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Concert Reviews:
McGraw And Hill Offer Soul -- And Lots Of It -- At The Palace
 

By GARY GRAFF
Of the Oakland Press

» See more SOUND CHECK

AUBURN HILLS -- The segment of progressive rock group Emerson, Lake & Palmer's "Karn Evil 9" -- the one that goes "Welcome back my friends to the show that never ends" -- was an appropriate choice as introductory music for Tim McGraw and Faith Hill's Soul2Soul II show Wednesday night (July 11th) at the Palace.

It was indeed a seemingly endless show, a non-stop three and a half hours of music that started with a brief set by 17-year-old opener Taylor Swift (whose big hit is called "Tim McGraw") and then a combination of duets and separate performances -- on a tricked-out in-the-round stage -- by country's most famous couple. But that was exactly what the crowd of 20,000-plus craved on Wednesday, and some would no doubt have welcomed even more if McGraw and Hill had it in them.

The dynamic of Soul2Soul, which played two nights at the Palace last summer, remains an interesting one that tips in Hill's favor. McGraw, a rabble-rouser by nature, continued to come off as deferential to his spouse, holding back the harder rocking sections of his catalog a bit to focus on melodic, slower and mid-tempo fare such as "Stars Go Blue," "Everywhere," "She's My Kind of Rain," "For a Little While," "Cowboy in Me," the epic "Live Like You Were Dying" and the soulful "Suspicions," originally a hit for Eddie Rabbitt.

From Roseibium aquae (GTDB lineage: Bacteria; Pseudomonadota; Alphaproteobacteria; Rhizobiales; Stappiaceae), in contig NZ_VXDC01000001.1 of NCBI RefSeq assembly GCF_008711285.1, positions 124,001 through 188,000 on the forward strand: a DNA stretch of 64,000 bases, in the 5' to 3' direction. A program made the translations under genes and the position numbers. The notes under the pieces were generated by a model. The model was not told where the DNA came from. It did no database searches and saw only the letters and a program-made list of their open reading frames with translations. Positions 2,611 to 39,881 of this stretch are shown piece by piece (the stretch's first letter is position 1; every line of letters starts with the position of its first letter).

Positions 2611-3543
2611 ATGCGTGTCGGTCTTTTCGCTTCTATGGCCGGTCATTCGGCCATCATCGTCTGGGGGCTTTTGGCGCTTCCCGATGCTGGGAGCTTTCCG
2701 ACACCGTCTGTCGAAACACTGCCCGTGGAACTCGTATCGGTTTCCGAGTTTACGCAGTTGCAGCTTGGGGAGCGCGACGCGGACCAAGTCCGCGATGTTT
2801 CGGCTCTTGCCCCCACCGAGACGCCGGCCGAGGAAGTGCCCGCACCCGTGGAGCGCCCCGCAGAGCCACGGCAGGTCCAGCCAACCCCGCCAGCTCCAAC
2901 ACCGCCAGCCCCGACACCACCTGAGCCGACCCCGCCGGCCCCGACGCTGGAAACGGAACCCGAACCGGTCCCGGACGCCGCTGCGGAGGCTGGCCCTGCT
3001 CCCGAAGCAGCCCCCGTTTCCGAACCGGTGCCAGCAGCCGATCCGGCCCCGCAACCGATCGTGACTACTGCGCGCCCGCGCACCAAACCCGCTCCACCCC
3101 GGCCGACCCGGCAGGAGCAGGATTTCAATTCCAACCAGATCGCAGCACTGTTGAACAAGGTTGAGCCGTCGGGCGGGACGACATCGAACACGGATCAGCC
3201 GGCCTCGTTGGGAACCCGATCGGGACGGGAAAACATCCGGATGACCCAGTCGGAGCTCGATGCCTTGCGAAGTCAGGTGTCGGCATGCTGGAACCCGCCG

McGraw did kick it out a bit on covers of Steve Miller's "The Joker," "Last Dollar," "Real Good Man" and an interminable "Indian Outlaw." But there was still a sense he was pulling his punches a bit so as not to eclipse Hill, who certainly held her own in an hour-long set that swung towards the upbeat side of her repertoire, including "Wild One," "The Lucky One," "Sunshine & Summertime," "This Kiss," "Mississippi Girl" and a messy rendition of Big Brother & the Holding Co.'s "Piece of My Heart." Hill didn't ignore the ballads, either, giving the crowd "Cry" and "Breathe" along with an emotive take of ABBA's "The Winner Takes it All."

The seven duets remained the best portions of the show, however. Unlike last year, when they often sang back-to-back and barely acknowledged each other during the early show collaborations, McGraw and Hill were more locked into each other on Wednesday, starting the show face to face with "Chasing Cars" and hanging onto each other by the end of "It's Your Love." Swift joined them for a long run through the Bryan Adams-Tina Turner hit "It's Only Love," but the stream of people leaving the Palace, and missing the subsequent "I Need You," indicated that the show that never ends may have needed a cleaner, and quicker, conclusion.

Send your thoughts and comments to Gary Graff

 



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